Purpose: Students will be more conscious and aware of genetically engineered products in their diet. Only those labeled as not, you could be sure, are not.
Objective: Students will read labels of food items in the house and note (write down) things that are labeled not-genetically engineered.
Students will go to the store and find at least 5 items that say that they are not genetically engineered. They may have to go to a natural foods or health food store like Edge of the Woods in New Haven or Nature’s Way in Stratford.
Materials: Notebook, pencils, transportation to a grocery and/or natural food store
Procedure: 1. Ask the students have they ever heard of genetically engineering?
2. Each student is to go to the store or stores and write down the Brand name, item itself, and the name of the store the genetically engineered product was found.
3. Research what genetically engineering is and write the definition.
Conclusion: Was it easy to find non-genetically engineered products? Where were mostof them located?
That brings me to the topic of Pesticides. Sure most of the previous paragraphs have encouraged the increased use of fruits and vegetables, but aren’t most, if not all, of these affected by some pesticides? I will address the issue through the use of the following summary of an article I read.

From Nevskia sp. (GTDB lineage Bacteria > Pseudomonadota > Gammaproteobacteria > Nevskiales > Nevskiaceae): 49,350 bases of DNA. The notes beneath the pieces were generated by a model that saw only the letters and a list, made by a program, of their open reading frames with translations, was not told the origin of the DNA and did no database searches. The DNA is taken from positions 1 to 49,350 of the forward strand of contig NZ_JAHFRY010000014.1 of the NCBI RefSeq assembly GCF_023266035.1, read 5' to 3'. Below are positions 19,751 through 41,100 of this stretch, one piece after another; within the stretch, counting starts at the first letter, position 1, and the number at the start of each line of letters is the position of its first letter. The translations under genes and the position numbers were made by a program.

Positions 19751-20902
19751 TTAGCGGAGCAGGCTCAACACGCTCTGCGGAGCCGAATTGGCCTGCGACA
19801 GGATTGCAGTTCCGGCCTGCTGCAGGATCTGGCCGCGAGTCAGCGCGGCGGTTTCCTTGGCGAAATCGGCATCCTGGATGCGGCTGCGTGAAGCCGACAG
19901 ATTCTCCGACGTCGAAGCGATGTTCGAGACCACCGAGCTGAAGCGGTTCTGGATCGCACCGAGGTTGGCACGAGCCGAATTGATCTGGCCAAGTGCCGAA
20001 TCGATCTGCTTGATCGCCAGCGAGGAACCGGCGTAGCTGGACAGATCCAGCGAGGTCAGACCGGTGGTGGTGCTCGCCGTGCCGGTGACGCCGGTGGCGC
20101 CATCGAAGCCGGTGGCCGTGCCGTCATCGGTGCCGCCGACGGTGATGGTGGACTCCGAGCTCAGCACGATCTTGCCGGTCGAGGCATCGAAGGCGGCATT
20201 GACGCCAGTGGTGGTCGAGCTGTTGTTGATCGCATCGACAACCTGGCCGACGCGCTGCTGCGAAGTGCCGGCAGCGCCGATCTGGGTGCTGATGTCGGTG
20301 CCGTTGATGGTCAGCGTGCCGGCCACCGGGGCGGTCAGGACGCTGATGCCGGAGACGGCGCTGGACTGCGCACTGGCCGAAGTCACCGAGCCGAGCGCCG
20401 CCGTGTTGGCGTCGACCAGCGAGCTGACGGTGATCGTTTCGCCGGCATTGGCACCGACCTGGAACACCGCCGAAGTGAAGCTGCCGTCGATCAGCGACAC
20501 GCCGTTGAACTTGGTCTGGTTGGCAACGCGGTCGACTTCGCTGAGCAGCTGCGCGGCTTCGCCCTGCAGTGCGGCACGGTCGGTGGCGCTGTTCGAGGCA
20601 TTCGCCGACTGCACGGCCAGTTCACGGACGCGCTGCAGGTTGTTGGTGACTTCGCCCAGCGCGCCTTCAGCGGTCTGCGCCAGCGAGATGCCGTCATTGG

In the article, How to Avoid Pesticides by David Schardt, in the Nutrition Action Health Letter, June 1997, we find ourselves in a quandary over the necessity of eating a wide variety of fruits and vegetables and avoiding the affects of the possible residue content on most of them. Buying organic would help, but at this time our choices are few. This is improving.
“But the answer is surprisingly simple: The evidence that fruits and vegetables help protect against heart disease and cancer is far stronger than the evidence that pesticides cause cancer and other health problems.”
Pesticides and herbicides have been proven to impair the immune system, affect the nervous system of people of all ages, and be at the root of many cancers. They gain entrance to our bodies, not only through fruits and vegetables, but also through our drinking water as well and fatty meats, fish, and dairy products. It’s not as evident in grains, except for rice grown in Southeastern U. S., due to the milling process.
Imported produce tends to have more residue then the local produce, but to be safe, wash all produce thoroughly with clean running water before cooking and eating them. The FDA, the organization responsible for monitoring this, seems to be a little less than adequate in catching the illegal residues due to the lack of funding.